Saturday, March 7, 2015

A stock pen for East Shumala

One of the switching locations planned for my layout extension to East Shumala (see map at: ) is a stock pen. As late as the 1950s, many local stock pens were owned and operated by railroads, and SP was no exception. There were numerous such pens (which SP called “stock corrals”) along SP lines throughout the west. That’s what I want to model.
     Before I get into my modeling plans, I should mention two excellent sources of information about livestock and associated industries (meat packing, etc.). Both are by Kalmbach’s Jeff Wilson. The older book, the first volume in the series, The Model Railroader’s Guide to Industries Along the Tracks (2004), covers the livestock businesses in an 11-page Chapter 6. A more recent book takes up that same subject in a book-length treatment, Livestock and Meatpacking (2013). Shown below are the covers of the two books.

Incidentally, if you have the 2013 book, no need to get the earlier one for its brief treatment. The newer book is really a huge expansion of the older chapter. But if you only have the older book, you have a good summary in Chapter 6.
     In addition to a whole bunch of historically very interesting photos, author Wilson has also provided in the 2013 book data on stock shipping, an account of how livestock waybilling was done, and diagrams of the layout of stock pens. The latter drawings are a helpful re-publication of material in an article from Paul Chilcoine in Model Railroader for April 1983.
     There is an interesting Santa Fe photo, one I’ve seen elsewhere, reproduced in the 2013 Wilson book, which helpfully shows a really small stock pen, the kind of size most modelers are compelled to build for space reasons, and that applies to me, too. It had just two pens and one loading chute, and was located at Milan, Kansas.

The pen appears to have been whitewashed, though most stock pens show at most the vestiges of such beautification.
     Over the years, there have been many kits for stock pens, at least in HO scale. In stripwood, Timberline had a nice one, and the Campbell Scale Models one is still available (kit no. 400). Plastic versions from A.H.M., Tyco, and Bachmann were all for rather small pens, but today Walthers has one (their number 933-3047) which is for a larger facility. Of course any of these could be built smaller, or, if two or more kits were combined, larger. Some of them err in having fences not planked on both sides, where animals would walk on both sides of a fence line, but of course this is easy to remedy.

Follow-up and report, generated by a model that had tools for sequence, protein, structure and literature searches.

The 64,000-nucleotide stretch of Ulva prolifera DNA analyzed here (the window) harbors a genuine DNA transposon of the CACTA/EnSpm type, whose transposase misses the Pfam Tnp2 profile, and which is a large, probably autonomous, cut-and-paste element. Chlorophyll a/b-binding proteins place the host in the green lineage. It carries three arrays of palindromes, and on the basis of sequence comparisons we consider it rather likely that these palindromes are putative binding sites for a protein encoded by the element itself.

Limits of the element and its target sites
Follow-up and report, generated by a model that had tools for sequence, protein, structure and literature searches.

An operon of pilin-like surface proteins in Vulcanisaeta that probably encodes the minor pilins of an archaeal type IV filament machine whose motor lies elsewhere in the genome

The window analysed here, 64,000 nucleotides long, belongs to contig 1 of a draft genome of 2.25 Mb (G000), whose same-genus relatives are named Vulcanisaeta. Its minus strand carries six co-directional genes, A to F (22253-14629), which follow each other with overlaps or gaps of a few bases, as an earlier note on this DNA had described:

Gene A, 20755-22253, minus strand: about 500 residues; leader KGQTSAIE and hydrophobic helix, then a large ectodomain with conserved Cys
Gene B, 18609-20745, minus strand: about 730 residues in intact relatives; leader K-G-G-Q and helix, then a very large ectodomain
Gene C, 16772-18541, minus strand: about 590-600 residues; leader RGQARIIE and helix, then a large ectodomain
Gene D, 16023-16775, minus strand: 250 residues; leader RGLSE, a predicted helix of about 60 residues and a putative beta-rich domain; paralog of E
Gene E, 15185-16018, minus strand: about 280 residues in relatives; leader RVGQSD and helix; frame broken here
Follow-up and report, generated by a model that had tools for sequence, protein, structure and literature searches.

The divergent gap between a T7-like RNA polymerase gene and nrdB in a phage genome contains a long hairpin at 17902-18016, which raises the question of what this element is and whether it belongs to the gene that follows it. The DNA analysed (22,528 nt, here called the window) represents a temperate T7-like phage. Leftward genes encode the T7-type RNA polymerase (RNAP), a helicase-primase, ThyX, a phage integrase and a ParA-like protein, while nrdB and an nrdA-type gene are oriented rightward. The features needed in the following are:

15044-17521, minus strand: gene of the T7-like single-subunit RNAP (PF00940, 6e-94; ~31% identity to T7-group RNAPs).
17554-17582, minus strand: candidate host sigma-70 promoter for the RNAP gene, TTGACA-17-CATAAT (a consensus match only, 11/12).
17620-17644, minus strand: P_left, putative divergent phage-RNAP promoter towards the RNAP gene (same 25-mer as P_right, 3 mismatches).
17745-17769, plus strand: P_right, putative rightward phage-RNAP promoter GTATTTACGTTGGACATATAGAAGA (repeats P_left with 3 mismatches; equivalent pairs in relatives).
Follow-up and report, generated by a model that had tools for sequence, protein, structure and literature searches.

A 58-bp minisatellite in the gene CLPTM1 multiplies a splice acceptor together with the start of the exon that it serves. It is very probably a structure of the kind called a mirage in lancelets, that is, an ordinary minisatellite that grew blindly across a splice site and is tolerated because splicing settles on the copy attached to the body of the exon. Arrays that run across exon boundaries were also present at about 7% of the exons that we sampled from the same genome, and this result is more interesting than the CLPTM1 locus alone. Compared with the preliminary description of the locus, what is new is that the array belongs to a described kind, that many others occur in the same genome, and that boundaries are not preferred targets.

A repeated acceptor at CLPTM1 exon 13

I have the remnants of an AHM stock pen, and will enlarge it as needed to fit my space. In addition to the pens, there should be an office, a shed or small barn to hold hay (both for animal feed and for bedding in stock cars), and maybe some indication of water supply. Local stockyards sometimes had scales, to weigh incoming animals, but not always, and I don’t plan to include that.
     The AHM kit was intended to build a two-pen arrangement. I will add a third pen of the same size (they are about 15 x 25 scale feet), smaller than most real pens (for example, 40 x 40 feet, or 25 x 40 feet). Once again, modeling leads to compression of reality! I will also add planking to the sides of the fencing in the kit where it should be double-sided. In this kit, the posts are about 2 x 6 scale inches and the horizontal boards are 2 x 8 inches, dimensions consistent with lumber sizes shown in Wilson’s book (above).
     Both these sizes are available as Evergreen styrene strip, which I am using for the additional fencing. As I mentioned above, the additions will be the third pen, along with double-siding the fence elements dividing pens. I have a small building left over from another kit which can become the office. I am leaning toward building an enclosed water tank also.
     Obviously an important part of a rail-served stock pen is the stock cars which are operated. I have described my roster plan for stock cars in an earlier post, at: . I plan to use a mix of foreign-road and SP / T&NO stock cars, with the latter predominating. I will say more about stock cars when I show the completed pens in a future post.
Tony Thompson

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